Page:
The New Gen Ed Lottery System, Explained
Armed Individuals Sighted in Harvard Square Arraigned
Harvard Students Form Coalition Supporting Slave Photo Lawsuit's Demands
Police Apprehend Armed Man and Woman in Central Square
107 Faculty Called for Review of Tenure Procedures in Letter to Dean Gay
In the final chapter of his 1990 book The University: An Owner’s Manual, former Dean of the Faculty Henry Rosovsky relates the dictum by which he became infamous in certain circles. “I was addressing the role of various groups in our community and said: ‘Remember you—the students—are here for four years; the faculty is here for life; and the institution is here forever.” Rosovsky writes how the quote became a mantra for The Crimson in those years and was soon spoofed on campus, being used to advertise that Diamonds, rather than Harvard, are Forever.
I begin with this quotation for two reasons: the first is that some readers may feel that Rosovsky’s “banality,” as he termed it, indeed reflects how they have felt here: ignored, undervalued and perhaps prisoner of one of Rosovsky’s creations, the Core program. No need to feel a mere lurking distrust from your local adviser or senior tutor or dean; one in the past had the temerity (or foolhardiness) necessary to say it outright. But to use it that way it really just an excuse: the seven principles Rosovsky proposes in his book are actually quite good insights on how to change Harvard for the better. As students, it is better to understand those principles, critique them if necessary and then call the Faculty and administration to account.
Like our next president, Rosovsky was an economist by training, and so tends to think of interests in influence in those terms. He does defend the infamous aphorism, in a slightly different form: Rosovsky claims universities cannot and must not be democracies. As the greatest number of people are students spending the shortest amount of time here, their desires must be seen in that light, and permanence—tenure, a long degree program, a long record as an employee—must trump the energetic whim of the student body.
Rosovsky notes that “how wealthy foundations and enterprises are is of legitimate concern to all sorts of people, inside and outside their walls,” and that the large chunk of university funding that comes in the form of government-sponsored research builds in a level of accountability to the public’s interests. Finally, he suggests that student evaluations, genuine power held by department chairs over their faculties, an ability to appeal one level up to a review board on any issue, and a concern for the university’s role in society can serve as the best yardsticks for the goals of the University. Ultimately, “the real element of contention,” Rosovsky concludes, “is not lack of change. Rather, it is types of rates of change that concern our critics... By emphasizing length of commitment and knowledge, we discourage excessive consideration of short-term issues.”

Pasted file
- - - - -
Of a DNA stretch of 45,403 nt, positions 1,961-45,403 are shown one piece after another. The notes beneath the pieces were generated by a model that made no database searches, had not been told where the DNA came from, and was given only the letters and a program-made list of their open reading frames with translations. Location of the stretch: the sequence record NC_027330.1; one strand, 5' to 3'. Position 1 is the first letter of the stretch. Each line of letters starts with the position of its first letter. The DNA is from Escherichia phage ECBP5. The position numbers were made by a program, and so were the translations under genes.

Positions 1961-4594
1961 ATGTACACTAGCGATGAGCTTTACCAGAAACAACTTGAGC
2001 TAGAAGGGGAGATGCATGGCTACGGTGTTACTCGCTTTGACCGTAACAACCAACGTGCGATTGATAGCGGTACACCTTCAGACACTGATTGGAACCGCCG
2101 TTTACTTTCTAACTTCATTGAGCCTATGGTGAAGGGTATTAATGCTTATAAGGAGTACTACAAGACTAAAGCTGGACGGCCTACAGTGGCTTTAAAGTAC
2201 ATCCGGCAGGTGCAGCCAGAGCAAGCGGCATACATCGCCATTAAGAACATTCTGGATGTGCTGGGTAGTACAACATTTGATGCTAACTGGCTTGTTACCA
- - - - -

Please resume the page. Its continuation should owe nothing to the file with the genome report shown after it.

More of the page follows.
All well and good, if everyone can agree on what short-term is. No matter what we do know as students, we lack perspective: in my time here, the rampant issues have been randomization, the withering away of Radcliffe, the anti-sweatshop campaign and now the living wage. The year before I arrived, a rally to save the Phillips Brooks House Association drew many hundreds—the majestic photograph sits in PBH now, where, just as those people feared, the administration’s Assistant Dean for Public Service now has her office. The House Masters of the pre-randomization era have left; only a handful of people on the entire campus lived in the Houses in the time of reputation and application.
Before the current action, the most infamous sit-in was in 1969, and by the time it was over there was blood on the steps of University Hall; the diversity that Harvard now cherishes would make the many of the Houses’ namesakes shake in their graves, whether Increase Mather, Class of 1656, who left this conservative Puritan school for a more conservative Puritan community in New Haven, or A. Lawrence Lowell, Class of 1877, who hoped to maintain the Brahmin finishing school by creating maximum quotas for undesirables like Jews. University President-to-be Lawrence H. Summers is coming from the Treasury and University President-soon-that-was Neil L. Rudenstine is going to work for an online art consortium; these facts are only strange outside of the context of the revolving door between Washington and Harvard in the 1940s, when President James B. Conant got Secretary of State George C. Marshall to deliver his plan for Europe as the commencement address, and without knowledge of the spending being placed into online ventures by all kinds of educational foundations.
Though I disagree with some of what Rosovsky actually did for the College, his axioms on how this university runs should be heeded. To paraphrase another Harvard graduate, we must know our history in order to repeat its successes and avoid its dark moments. Students need to act to change Harvard within the trends that stretch on before and after them, so first they must learn what those traditions have been. Perhaps they can learn it in the Core program Rosovsky helped create. Anyone up for teaching Historical Studies A-1636: “Harvard from Origins to the Present”?
Adam I. Arenson ’00-’01 is a history and literature concentrator in Lowell House. His column appears on alternate Fridays.
Want to keep up with breaking news? Subscribe to our email newsletter.